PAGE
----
I am sure you have all seen countless GDPR guidance articles, with varying degrees of accuracy and scare-mongering, over the last 12 months. There have been a few very high profile fines issued in the last 12 months, including a recent fine for the “Vote Leave” organisation. For the most part, these still relate to actions taking place before GDPR came into force, as it usually takes around 12 months for the ICO to complete a substantial investigation. We should therefore be seeing the first “batch” of GDPR-based decisions and fines soon. The purpose of this article is to recap the fundamentals of GDPR, as I know that a lot…

Euan McLaughlin - Sills & Betteridge Solicitors

Terms & Conditions Part 3 – What Do I Do With My Shiny New Terms & Conditions?

Euan McLaughlin, (pictured) a partner at Sills & Betteridge and a member of our Corporate & Commercial Team, has written a series of three articles telling you everything you need to know about Terms & Conditions. In this, the third and final of this three articles, Euan explains what to do with them once you have them. There is a temptation when a set of terms & conditions are completed to take a contented sigh, pop them in a drawer, and then forget all about them. I know of a number of businesses who have spent the time and money required to produce high-quality terms & conditions, only to then…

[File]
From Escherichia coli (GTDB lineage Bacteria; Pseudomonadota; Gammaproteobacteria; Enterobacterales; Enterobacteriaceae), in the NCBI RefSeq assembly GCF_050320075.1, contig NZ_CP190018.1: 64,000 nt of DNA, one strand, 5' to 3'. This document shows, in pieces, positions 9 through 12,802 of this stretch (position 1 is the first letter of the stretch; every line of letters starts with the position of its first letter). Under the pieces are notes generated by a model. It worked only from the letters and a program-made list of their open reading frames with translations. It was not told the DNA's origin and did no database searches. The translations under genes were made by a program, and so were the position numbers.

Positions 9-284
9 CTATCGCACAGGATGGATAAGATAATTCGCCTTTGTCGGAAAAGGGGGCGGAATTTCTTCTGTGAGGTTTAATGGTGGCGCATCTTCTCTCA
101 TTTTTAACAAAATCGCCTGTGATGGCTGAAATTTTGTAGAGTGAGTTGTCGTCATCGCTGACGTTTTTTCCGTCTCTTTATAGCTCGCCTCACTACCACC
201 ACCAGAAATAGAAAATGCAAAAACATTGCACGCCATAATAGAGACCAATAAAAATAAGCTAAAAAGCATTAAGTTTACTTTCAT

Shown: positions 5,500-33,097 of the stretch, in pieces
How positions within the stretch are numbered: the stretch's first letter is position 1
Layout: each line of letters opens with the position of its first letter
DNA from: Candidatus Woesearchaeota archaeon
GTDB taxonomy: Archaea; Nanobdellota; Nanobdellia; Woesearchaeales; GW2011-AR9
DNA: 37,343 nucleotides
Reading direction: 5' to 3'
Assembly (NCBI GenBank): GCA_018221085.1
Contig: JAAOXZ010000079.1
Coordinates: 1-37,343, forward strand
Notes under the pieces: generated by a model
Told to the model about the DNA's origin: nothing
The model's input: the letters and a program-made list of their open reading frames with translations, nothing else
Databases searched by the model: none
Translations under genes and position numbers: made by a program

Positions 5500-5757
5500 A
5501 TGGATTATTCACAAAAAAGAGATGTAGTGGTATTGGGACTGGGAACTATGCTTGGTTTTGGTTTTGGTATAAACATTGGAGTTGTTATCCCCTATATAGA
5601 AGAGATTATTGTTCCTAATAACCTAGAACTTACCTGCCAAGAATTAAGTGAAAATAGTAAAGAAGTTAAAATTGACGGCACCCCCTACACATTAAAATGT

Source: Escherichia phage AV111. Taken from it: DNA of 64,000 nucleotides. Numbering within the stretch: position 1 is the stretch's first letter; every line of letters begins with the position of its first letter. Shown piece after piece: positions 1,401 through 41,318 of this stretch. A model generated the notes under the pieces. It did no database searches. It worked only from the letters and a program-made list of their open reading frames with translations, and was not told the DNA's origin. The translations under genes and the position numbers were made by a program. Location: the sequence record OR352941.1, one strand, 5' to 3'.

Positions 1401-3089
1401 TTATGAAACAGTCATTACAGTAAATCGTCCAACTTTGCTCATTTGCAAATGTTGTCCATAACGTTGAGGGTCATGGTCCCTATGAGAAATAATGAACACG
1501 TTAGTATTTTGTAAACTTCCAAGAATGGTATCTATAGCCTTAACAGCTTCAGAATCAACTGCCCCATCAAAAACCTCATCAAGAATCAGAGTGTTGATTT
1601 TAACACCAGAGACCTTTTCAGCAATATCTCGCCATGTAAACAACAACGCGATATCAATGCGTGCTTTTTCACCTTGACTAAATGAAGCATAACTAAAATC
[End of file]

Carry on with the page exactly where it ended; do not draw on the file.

Euan McLaughlin - Sills & Betteridge Solicitors

Terms & Conditions Part 2 – What Do I Need In My Terms & Conditions?

Euan McLaughlin, (pictured) a partner at Sills & Betteridge and a member of our Corporate & Commercial Team, has written a series of three articles telling you everything you need to know about Terms & Conditions. In this second of this three articles, Euan explains what you need in them. There is no “one size fits all” solution to what goes in your terms & conditions. As I mentioned in my previous article, one of the key first steps in creating your terms & conditions is for the business and the solicitor to have a discussion about your products and needs. The following is therefore a general guide of the…

Euan McLaughlin - Sills & Betteridge Solicitors

Terms & Conditions Part 1 – Why Do I Need Terms & Conditions?